Mumbai: Taking its plans to roll out fourth-generation (4G) broadband services a step further, Infotel Broadband Services Pvt. Ltd has invited bids from telecom tower operators willing to lease out around 26,000 towers across India, two people familiar with the development said.
Infotel, now a subsidiary of Reliance Industries Ltd (RIL), won pan-India spectrum for broadband wireless access (BWA) last year.
One of the persons said that RIL had floated the request for proposal in early January. Neither he nor the other person wanted to be identified.
Viom Networks Ltd, India’s largest independent telecom tower company, and GTL Infrastructure Ltd will put in bids, executives at the companies said.
“RIL would need towers for its BWA venture and they would be potential customers for us. We will try and bid for their tenancy,” a Viom executive said.
A senior executive from GTL Infrastructure also confirmed the company’s interest. Neither he nor the Viom executive wanted to be identified.
A GTL spokesperson declined comment for this story.
RIL didn’t respond to an email query sent on Monday, or subsequent calls seeking comment.
In June, RIL, India’s most valuable company by market capitalization, announced its re-entry into the telecom space by acquiring a 95% stake in Infotel Broadband Services, a privately held telecom services company, for Rs 4,800 crore.
Infotel had, in June, received spectrum or air-waves to roll out broadband wireless services in 22 circles (or designated service areas) across India in a government auction by paying Rs 12,847.77 crore.
The acquisition marked RIL chairman Mukesh Ambani’s return to telecom after he exited the business in favour of younger brother Anil Ambani when the two carved up the Reliance empire between themselves and also signed an agreement to the effect that they wouldn’t compete with each other.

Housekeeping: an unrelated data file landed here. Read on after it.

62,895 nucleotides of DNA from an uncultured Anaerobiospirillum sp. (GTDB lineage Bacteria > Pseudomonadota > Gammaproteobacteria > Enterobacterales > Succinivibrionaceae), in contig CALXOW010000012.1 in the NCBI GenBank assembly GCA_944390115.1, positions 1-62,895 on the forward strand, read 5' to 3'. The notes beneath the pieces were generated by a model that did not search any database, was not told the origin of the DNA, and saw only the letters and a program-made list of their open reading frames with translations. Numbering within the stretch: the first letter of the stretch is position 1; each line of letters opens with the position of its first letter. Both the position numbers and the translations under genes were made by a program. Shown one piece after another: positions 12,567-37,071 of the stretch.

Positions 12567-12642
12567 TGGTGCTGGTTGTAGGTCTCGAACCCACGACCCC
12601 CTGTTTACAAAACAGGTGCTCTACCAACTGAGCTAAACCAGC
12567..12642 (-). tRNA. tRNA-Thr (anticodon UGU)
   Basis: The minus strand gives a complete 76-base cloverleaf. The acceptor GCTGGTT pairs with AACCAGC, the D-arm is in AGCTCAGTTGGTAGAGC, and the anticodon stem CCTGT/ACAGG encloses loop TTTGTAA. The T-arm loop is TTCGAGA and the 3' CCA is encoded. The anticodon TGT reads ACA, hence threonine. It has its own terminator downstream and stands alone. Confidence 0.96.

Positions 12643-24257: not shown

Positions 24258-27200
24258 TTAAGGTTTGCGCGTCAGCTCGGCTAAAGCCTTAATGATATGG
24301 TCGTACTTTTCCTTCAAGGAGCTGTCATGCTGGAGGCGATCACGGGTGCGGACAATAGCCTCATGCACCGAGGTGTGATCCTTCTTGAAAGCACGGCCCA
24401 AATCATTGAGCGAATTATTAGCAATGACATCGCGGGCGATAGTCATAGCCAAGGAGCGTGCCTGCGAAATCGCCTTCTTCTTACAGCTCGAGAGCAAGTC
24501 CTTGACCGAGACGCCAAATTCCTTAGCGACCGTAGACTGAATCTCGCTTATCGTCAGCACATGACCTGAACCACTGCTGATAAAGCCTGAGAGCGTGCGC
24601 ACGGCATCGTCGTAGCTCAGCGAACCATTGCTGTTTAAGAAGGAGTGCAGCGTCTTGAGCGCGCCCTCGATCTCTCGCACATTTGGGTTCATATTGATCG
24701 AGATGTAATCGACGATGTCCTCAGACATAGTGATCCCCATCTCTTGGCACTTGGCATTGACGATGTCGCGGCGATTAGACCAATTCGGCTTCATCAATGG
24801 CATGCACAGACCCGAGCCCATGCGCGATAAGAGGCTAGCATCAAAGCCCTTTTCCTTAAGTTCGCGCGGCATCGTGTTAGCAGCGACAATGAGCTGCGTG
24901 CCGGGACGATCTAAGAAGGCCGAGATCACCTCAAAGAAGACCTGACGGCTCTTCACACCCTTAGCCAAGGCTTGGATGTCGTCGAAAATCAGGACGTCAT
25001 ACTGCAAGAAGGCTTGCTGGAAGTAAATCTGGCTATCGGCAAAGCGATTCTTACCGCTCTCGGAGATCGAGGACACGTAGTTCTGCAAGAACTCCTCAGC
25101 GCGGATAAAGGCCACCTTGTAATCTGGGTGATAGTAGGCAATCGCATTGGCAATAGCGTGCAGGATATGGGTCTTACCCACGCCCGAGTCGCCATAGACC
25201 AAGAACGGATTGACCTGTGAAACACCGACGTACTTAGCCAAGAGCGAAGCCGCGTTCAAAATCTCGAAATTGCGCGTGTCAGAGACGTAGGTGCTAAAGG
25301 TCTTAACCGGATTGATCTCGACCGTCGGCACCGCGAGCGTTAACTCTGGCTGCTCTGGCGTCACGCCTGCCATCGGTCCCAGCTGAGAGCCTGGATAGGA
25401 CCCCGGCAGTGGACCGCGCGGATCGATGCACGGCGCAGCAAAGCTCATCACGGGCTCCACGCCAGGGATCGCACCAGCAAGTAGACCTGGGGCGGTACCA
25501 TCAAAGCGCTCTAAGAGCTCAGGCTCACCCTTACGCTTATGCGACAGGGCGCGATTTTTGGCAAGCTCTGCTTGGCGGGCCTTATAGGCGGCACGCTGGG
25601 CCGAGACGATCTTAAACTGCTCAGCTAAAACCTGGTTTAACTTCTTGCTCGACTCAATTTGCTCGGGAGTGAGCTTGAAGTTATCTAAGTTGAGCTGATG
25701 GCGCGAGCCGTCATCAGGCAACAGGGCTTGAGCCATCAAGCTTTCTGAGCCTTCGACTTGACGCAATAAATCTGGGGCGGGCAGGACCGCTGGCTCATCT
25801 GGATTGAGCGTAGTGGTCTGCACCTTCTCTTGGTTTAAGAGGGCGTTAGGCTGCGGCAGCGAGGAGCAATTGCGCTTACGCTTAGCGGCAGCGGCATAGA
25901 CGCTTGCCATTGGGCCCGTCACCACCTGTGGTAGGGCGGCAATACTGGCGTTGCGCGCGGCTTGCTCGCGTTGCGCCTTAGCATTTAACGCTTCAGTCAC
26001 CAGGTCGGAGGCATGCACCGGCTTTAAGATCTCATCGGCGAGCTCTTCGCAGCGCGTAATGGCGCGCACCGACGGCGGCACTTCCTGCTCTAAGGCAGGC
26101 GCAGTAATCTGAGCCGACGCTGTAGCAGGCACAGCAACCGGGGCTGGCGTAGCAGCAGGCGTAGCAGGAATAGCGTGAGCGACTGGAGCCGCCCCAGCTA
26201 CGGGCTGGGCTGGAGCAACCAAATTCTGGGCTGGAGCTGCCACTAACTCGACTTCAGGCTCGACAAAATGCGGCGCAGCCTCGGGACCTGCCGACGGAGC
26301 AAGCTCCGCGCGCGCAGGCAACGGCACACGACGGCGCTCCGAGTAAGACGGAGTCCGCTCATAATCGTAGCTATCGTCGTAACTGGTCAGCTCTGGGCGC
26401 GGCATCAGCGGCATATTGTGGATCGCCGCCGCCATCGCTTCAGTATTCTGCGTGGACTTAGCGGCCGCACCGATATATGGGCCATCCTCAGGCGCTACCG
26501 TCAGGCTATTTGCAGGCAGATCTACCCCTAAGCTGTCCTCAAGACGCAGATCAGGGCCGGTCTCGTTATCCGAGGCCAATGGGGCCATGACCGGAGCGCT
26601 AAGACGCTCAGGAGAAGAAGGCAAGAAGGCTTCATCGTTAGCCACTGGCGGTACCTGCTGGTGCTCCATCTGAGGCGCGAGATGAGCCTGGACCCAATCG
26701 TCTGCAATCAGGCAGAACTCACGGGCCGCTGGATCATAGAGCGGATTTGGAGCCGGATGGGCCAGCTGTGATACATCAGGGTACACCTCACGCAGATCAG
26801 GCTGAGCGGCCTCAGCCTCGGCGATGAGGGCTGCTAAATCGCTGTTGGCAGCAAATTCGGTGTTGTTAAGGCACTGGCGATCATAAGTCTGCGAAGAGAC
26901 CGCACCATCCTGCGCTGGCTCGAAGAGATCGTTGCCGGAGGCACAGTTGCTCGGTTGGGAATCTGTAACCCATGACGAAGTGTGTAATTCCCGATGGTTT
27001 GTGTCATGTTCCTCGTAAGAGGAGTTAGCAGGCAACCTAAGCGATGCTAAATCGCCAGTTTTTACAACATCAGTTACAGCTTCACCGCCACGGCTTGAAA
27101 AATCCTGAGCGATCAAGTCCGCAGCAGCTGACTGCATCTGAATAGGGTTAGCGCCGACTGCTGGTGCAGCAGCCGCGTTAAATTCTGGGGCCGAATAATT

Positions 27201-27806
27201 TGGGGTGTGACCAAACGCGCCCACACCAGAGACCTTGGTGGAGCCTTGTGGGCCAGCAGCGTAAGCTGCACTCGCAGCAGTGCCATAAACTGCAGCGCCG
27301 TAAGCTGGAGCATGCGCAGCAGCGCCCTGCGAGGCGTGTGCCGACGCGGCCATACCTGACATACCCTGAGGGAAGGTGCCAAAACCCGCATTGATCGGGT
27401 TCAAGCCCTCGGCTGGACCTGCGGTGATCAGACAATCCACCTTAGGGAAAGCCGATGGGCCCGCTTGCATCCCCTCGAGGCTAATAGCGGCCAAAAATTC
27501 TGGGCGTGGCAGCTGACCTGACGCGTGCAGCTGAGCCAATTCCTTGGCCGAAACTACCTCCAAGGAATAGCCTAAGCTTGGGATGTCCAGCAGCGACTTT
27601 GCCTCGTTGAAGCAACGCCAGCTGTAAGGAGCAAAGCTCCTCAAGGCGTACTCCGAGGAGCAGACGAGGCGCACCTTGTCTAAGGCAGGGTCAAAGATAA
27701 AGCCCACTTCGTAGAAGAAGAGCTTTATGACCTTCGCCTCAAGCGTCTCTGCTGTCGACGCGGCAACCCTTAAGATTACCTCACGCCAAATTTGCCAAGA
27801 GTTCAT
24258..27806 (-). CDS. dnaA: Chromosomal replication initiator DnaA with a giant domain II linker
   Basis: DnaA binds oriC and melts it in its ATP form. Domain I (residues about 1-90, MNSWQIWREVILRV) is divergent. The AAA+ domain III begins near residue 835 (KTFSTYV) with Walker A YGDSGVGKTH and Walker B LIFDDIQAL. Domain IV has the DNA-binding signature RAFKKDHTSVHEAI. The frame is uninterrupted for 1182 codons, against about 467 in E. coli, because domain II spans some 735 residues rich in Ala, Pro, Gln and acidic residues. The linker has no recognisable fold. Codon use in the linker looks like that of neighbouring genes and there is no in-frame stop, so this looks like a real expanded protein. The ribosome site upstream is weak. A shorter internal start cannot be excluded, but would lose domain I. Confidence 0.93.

The brothers terminated the non-compete agreement in May, facilitating RIL’s re-entry into telecom.
Reliance Communications Ltd (RCom), which has its own telecom tower subsidiary Reliance Infratel Ltd, had earlier announced its intention of cooperating with RIL in the latter’s broadband initiative.
“As leading telecom infrastructure and content service providers, we look forward to offering our services to RIL and other BWA players, even while we compete for customers in the marketplace through our choice of different technologies,” RCom had said in a June statement.
RIL’s attempt to acquire tenancy on towers, which would be crucial for end-user connectivity, comes soon after it was reported to be in the process of finalizing vendors who would supply broadband equipment based on the so-called LTE, or long term evolution, technology.
RIL plans to roll out wireless broadband services by the end of the year.
“Infotel is in the process of finalizing the arrangement with leading global technology players, service providers, infrastructure providers, application developers, device manufacturers and others to leapfrog India to the 4G revolution,” RIL had said in a statement issued on 21 January, while announcing its results for the quarter ended 31 December.
The telecom tower business in India is set to get a shot in the arm with winners of 3G (third generation) and BWA spectrum preparing to roll out their services, analysts say.
“3G and BWA together could create as many as 100,000 new tenancies for telecom tower operators in the next two to four years and this would make up for the sluggish growth in tower tenancies over the last two years due to the regulatory conditions; security concerns and uncertainty over availability of equipment, especially from the Chinese manufacturers,” said Prashant Singhal, head of the telecom practice in India at international audit and consulting firm Ernst and Young.
Romal Shetty, head of the telecom practice at another international audit and consulting firm, KPMG, said the entry of a conglomerate such as RIL into the broadband wireless space would help provide telecom tower companies an extra opportunity for generating revenues even as the possibility of consolidation in the telecom space looms large.
“For telecom tower operations to be viable, firms need a tenancy ratio of at least two (two tenants per tower). If any consolidation in the industry happens, it would lead to falling tenancy ratios, and RIL’s BWA operations could partly compensate that,” Shetty added.
Both Shetty and Singhal said that Infotel seems to have set the ball rolling to launch its services at the earliest.
“To ensure that they do not lose out on the share of the consumer’s wallet to 3G services that are already being launched, RIL will look to launch at the earliest, especially since it has the ability to do so,” Shetty said.
Shares of RIL fell 2.57% on the Bombay Stock Exchange on Tuesday to close at Rs 895.65 each even as the bourse’s benchmark equity index, the Sensex, lost 1.67%.